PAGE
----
7 Business Process Improvement Examples To Referenceon 15 November 2021
Business processes are key to organisational success—they help the workforce consistently deliver results as expected. These processes often require modification to keep up with changes in business needs, market demand, technology, and other factors.
For senior leaders and business owners, improvement is always in the back of their minds. They want to ensure the organisation runs like a well-oiled machine and is set up to deliver on business process goals, which can be grouped into a few main areas:
- Lower costs
- Add efficiency
- Create more consistent outcomes
- Improve the customer experience
But what does improvement look like in the real world? We reached out to several industry experts to share business process improvement examples from their experience. You can use these examples as reference points to inform your own improvement efforts.
7 Business Process Improvement Examples
1. Optimising Freight Cost
Aaron Alpeter, founder of supply chain consulting firm Izba, shares an improvement example showcasing one of the main business process goals: reducing cost. A startup company needed to move many bulky hardware devices across the country. After setting up a process with a provider that would pick up and deliver all less than truckload (LTL) loads from the factory, the company quickly realised the process had a lot of miscommunications and was costly.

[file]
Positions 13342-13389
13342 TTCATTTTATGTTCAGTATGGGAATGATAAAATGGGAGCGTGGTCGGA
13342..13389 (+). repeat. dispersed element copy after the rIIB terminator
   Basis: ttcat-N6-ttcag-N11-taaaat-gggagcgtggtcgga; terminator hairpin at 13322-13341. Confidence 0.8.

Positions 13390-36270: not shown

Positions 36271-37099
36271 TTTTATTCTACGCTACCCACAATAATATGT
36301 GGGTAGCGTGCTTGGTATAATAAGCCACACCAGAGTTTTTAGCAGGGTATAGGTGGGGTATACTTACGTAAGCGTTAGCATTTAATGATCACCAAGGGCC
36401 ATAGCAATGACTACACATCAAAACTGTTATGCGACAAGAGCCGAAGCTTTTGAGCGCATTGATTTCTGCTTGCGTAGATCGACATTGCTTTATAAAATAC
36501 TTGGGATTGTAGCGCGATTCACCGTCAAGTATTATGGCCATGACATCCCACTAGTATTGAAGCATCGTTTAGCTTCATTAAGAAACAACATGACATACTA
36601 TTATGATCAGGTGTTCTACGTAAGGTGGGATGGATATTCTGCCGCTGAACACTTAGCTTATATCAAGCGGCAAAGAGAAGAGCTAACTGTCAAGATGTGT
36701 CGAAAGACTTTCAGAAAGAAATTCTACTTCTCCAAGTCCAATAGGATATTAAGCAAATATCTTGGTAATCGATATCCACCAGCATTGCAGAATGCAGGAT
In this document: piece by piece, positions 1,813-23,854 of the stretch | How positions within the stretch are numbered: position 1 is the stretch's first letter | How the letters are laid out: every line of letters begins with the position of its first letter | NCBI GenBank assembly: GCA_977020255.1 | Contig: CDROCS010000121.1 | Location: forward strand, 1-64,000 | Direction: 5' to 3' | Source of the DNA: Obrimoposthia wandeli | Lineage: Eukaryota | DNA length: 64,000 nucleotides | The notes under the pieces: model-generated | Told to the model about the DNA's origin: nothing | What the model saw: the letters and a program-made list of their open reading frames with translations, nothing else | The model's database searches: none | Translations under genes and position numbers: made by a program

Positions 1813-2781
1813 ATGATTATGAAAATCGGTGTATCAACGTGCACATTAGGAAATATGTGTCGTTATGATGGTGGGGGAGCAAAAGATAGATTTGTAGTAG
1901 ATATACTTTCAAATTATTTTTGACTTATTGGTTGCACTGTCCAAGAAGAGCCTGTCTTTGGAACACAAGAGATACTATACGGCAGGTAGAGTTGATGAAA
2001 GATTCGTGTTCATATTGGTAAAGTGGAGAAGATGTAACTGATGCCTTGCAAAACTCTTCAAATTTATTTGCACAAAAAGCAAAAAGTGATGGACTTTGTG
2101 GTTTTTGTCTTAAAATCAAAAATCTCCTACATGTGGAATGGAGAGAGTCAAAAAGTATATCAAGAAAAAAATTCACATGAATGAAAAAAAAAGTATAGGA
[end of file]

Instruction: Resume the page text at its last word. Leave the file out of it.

The company requested help from Alpeter’s team, which came in and analysed the process. The team identified several improvements, the most significant being a network redesign. Instead of shipping LTL loads directly from the factory to over a hundred locations, these loads could be shipped to four regional warehouses before moving to smaller markets.
“We also recognised the value in finding the best provider for each leg and split up work among different types of providers,” Alpeter explains. “We set up contracts for full truckload (FTL), warehousing, and LTL providers.”
The result: The company reduced freight costs by 60% and saved millions of dollars annually.
2. Revamping Hiring Processes
A medical device startup Alpeter’s team worked with was experiencing exponential month-over-month growth. As a result, the company saw a sharp increase in inbound customer inquiries across numerous topic areas. Given the company’s flat organisational structure, customer service employees chipped in on different tasks at different times of the day.